Driverless Buses

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J-2739

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Just found this while surfing around the telegraph (not a regular reader:
More here-http://www.telegraph.co.uk/news/201...ess-bus-service-begins-carrying-passengers-i/

The world’s first driverless bus service began carrying passengers in the French city of Lyon this weekend, attracting curious onlookers keen to photograph the vehicles.

Two electric minibuses with a capacity of 15 passengers each are now operating a 10-minute route with five stops in the city centre at an average speed of 6 miles (10km) per hour.

The vehicles have been tested without passengers in other French cities and in Switzerland, and a trial is under way in Dubai, using a bus developed with the help of a French company.

In Lyon, the 4-metre-long buses attracted curious onlookers who took ‘selfies’ beside the vehicles, which allow passengers to stand at the front and enjoy the journey from a “driver’s eye view”.

Christophe Sapet, chief executive of the Navya company which designed the buses, said: “They’re equipped with a range of detectors that allow them to know exactly where they are and to detect everything happening around them and to manage it intelligently to avoid collisions.”

Nevertheless, the buses are not capable of manoeuvring around other traffic and the routes are near a tramway where other vehicles are not allowed....

Obviously, they are very small buses with space for 15 people, but what do you think? Could future advances allow for high capacity double decker driverless buses in London? Would there come to a time when the majority of buses will have no driver on board?

You decide!
 
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talltim

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How is a driverless bus to know when its not supposed to go under 50mph?
 

J-2739

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How is a driverless bus to know when its not supposed to go under 50mph?

I wonder that too. Maybe it's linked to a specific signal system similar to ATO but its focused on one route so knows the speed limits well?

(I know, it's not as simple as that. Maybe some technicians can explain this?)
 

matt_world2004

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How would a driverless bus cope with the often unpredictable behaviour particularly around boarding and alighting.
 

Busaholic

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The last sentence in that report, beginning 'Nevertheless...', indicates to me the main drawback. May as well have a tram or trolleybus, also incapable of passing round stationary vehicles in their way.
 

PeterC

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May as well have a tram or trolleybus, also incapable of passing round stationary vehicles in their way.
Interesting update on modern trolleybuses. The old British ones were quite capable of passing a parked vehicle.
 

J-2739

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The last sentence in that report, beginning 'Nevertheless...', indicates to me the main drawback. May as well have a tram or trolleybus, also incapable of passing round stationary vehicles in their way.

You'd need more infrastructure for that though.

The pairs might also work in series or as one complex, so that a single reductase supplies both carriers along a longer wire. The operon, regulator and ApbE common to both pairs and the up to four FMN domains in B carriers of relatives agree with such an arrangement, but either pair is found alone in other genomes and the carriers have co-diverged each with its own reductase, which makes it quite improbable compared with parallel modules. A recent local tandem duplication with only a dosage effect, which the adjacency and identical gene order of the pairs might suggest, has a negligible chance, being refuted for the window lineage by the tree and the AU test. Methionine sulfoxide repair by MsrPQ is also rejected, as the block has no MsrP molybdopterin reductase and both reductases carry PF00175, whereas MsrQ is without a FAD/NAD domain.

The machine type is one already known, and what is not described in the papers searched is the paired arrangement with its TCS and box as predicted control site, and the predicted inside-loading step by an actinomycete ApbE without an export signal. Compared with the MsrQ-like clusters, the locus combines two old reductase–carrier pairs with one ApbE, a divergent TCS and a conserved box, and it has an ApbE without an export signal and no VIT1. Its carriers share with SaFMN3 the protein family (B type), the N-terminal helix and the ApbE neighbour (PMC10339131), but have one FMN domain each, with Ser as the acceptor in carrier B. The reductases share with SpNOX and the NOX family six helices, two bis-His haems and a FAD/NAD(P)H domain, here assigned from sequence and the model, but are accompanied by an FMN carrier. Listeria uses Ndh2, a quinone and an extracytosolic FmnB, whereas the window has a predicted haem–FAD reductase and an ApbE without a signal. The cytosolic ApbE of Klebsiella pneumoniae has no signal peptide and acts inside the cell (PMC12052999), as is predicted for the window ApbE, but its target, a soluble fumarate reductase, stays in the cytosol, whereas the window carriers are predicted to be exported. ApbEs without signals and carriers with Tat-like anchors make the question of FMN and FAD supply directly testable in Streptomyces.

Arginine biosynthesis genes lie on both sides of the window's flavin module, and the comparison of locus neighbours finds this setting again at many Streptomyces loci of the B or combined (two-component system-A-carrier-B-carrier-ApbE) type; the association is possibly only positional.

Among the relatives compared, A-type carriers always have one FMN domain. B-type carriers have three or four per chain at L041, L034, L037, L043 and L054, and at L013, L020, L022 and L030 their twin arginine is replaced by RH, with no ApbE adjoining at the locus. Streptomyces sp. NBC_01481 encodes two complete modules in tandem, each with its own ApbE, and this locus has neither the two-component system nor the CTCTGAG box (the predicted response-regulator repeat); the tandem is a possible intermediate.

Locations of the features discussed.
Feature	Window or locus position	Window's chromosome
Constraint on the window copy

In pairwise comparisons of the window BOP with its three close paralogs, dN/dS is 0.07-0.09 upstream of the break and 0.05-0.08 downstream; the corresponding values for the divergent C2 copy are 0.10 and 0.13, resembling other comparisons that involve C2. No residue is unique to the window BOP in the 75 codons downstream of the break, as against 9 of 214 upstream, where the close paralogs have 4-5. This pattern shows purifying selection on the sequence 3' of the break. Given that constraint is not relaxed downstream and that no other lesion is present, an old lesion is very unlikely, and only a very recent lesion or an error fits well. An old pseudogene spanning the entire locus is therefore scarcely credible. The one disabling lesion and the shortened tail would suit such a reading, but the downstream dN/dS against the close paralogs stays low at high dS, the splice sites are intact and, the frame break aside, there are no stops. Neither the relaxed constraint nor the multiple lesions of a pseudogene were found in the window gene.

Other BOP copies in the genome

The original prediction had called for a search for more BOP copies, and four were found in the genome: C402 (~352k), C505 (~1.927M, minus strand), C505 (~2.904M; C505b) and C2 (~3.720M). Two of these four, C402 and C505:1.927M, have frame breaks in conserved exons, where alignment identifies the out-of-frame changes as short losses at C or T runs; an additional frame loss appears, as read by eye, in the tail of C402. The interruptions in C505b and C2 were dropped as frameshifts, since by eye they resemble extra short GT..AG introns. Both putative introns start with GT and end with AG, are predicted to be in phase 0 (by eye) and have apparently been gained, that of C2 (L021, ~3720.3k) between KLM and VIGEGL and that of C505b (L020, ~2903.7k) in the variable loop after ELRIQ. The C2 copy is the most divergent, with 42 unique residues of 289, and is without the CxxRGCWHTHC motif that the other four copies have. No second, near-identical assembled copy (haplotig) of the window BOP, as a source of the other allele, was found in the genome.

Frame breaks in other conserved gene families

nerd

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New full size automated bus for Singapore goes on trial:
https://www.engadget.com/2016/10/24/singapore-autonomous-bus-trial/?ncid=txtlnkusaolp00000618
This could be the future! Could DDs be next?

[note to mode: could you add the link if you're on desktop please? It's really laggy, the mobile version. Thanks!]

China last year

http://www.digitaltrends.com/cool-t...t-put-a-massive-self-driving-bus-on-the-road/

Inherently, driverless technology is likely to become viable and economic for busses a fair bit earlier than it will for individual cars. Current driverless technology is not at all autonomous (though its proponents do tend to label it as such); to be specific, it will not allow a prospective traveller to dial-in a destination point with the expectation that the vehicle would find its own way there, without any external input or control. Automatic driving isn't like automatic parking writ large. Instead, driverless vehicles in current technology are directed along a route determined for each trip by a central control hub (generally connected by satellite). So the central hub must maintain a virtual map - in great detail and updated daily - of every road over which its driverless vehicles are allowed to travel; such that every trip has to be booked with the central hub.

So the biggest cost component for operating a driverless vehicle is in the surveying and re-surveying of its virtual map. It is straightforward technology for a driverless vehicle to read a set of traffic lights, and proceed on Green. What is as yet impossible, and likely never will be possible, is for a driverless vehicle to know without being told which of the green traffic lights that are visible to its detectors apply to it, and which to other traffic. This information has to have been surveyed in advance.

But the route map for a bus network will be vastly less extensive than the entire road network of even a small town. Hence the reason why most observers expect driverless technology first to find a realistic implementation in busses; probably in China; where access to consumer litigation is less inhibitive.
 
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